An Inventory of the Historical Monuments in Essex, Volume 3, North East. Originally published by His Majesty's Stationery Office, London, 1922.
This free content was digitised by double rekeying and sponsored by English Heritage. All rights reserved.
66. LITTLE WIGBOROUGH. (D.d.)
(O.S. 6 in. xlvi. N.E.)
Little Wigborough is a small parish 7 m. S. of Colchester.
(1). Parish Church of St. Nicholas stands on the W. side of the parish. The walls are of stone-rubble roughly coursed and with dressings of limestone; the roofs are tiled. The whole building consisting of Chancel, Nave, and West Tower was built or rebuilt late in the 15th century. The church was restored in the 19th century when the walls of the nave were heightened and the upper part of the tower rebuilt.
Architectural Description—The Chancel (16¾ ft. by 17½ ft.) is of late 15th-century date and has an E. window partly restored, of three cinquefoiled lights with vertical tracery in a two-centred head with a moulded label and defaced angel-stops. In the N. wall is a much restored window of two cinquefoiled lights in a square head. In the S. wall is a window uniform with that in the N. wall; further E. is a doorway with double hollow-chamfered jambs and four-centred arch with a modern square head and label. There is no chancel-arch.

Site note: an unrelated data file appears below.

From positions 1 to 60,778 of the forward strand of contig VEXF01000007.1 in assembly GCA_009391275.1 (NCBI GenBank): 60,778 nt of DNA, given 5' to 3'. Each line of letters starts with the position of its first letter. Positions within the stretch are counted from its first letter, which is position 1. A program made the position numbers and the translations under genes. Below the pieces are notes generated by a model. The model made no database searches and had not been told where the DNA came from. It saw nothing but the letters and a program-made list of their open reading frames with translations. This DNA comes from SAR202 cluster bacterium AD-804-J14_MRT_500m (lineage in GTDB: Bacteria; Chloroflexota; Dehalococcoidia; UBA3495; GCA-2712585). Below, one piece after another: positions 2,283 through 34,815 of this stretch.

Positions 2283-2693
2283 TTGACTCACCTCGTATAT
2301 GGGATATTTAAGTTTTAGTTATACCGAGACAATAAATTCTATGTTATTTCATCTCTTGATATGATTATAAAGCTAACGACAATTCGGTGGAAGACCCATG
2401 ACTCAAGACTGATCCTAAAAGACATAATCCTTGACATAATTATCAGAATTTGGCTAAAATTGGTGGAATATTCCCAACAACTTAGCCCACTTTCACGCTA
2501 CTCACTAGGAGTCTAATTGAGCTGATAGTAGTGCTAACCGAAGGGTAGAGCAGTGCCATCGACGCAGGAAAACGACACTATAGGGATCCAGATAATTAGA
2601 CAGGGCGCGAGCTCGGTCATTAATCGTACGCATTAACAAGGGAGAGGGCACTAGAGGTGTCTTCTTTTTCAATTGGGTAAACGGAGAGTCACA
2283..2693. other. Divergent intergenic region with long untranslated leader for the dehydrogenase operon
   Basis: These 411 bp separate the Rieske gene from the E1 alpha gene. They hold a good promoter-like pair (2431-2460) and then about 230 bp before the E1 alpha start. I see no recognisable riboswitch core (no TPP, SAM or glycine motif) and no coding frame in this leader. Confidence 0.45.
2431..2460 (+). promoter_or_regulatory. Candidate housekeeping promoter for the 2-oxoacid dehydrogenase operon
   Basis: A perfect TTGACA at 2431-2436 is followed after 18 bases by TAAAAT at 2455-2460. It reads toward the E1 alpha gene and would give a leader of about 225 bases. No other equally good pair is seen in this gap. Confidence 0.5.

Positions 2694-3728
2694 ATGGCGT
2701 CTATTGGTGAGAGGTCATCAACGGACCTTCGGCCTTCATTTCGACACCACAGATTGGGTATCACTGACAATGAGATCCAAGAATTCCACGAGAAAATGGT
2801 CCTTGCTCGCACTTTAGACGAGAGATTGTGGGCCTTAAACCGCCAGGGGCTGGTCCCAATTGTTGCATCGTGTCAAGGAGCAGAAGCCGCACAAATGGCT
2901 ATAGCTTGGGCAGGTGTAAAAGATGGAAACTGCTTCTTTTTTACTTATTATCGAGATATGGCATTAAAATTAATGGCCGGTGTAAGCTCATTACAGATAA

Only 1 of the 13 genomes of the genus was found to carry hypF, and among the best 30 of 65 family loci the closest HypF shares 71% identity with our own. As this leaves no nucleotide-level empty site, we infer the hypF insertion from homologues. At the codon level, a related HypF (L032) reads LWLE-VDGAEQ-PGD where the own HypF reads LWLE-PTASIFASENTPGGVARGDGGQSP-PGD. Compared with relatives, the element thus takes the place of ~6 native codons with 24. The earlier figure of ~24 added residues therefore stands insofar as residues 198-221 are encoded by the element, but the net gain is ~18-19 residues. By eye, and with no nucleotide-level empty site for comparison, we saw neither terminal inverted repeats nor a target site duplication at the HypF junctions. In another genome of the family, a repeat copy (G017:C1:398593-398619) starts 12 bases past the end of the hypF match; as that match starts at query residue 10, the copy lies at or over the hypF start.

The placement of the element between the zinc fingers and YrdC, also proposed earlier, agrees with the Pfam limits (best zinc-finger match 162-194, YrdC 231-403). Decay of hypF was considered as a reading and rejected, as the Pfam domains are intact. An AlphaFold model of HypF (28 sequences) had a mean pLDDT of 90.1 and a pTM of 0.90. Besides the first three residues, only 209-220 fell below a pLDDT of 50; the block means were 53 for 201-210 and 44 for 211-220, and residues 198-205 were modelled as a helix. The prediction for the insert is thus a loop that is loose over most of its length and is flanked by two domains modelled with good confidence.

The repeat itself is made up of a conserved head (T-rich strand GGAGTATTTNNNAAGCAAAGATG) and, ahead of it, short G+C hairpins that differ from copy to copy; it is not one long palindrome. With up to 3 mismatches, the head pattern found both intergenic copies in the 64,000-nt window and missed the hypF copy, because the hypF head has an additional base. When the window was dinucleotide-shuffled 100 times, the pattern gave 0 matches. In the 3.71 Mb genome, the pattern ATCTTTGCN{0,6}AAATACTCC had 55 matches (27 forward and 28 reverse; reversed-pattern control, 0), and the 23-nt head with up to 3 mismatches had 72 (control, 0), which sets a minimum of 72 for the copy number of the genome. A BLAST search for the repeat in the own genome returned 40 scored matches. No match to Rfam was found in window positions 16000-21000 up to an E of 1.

The Nave (28¼ ft. by 17½ ft.) is of late 15th-century date and has in the N. wall a window similar to that in the N. wall of the chancel but almost entirely modern externally; further W. is the partly restored N. doorway with moulded jambs, two-centred arch, and label with stops carved with angels. In the S. wall is a window similar to that in the N. wall; further W. is the S. doorway with moulded jambs, two-centred arch and label, all much restored. Flanking the doorway are the broken ends of the side walls of a former S. porch, now destroyed.
The West Tower (7½ ft. by 6 ft.) is of three stages, the lowest of late 15th-century date and the two upper rebuilt in the 19th century. The tower-arch is two-centred and of two hollow-chamfered orders, the outer continuous and the inner dying on to the side walls. The W. window is modern except the splays and rear-arch.
The Roof of the nave is of the 15th century and of three bays with moulded tie-beams and curved and moulded braces.
Fittings—Floor-slab: In nave—to Isaac Mazengarb, 1698, and Mary, his wife, 1714. Painting: In nave—on splay of N. window, traces of red colour.
Condition—Fairly good, but some cracks in walls.
(2). Grove Farm, house about ½ m. N. of the church, is of two storeys, timber-framed and plastered; the roofs are tiled. It was built early in the 17th century with cross-wings at the N. and S. ends. Inside the building some original ceiling-beams and joists are exposed.
(3). Red Hills, several along the line of the old high-water mark W. of Sampson's Creek and about ½ m. S.E. of the church.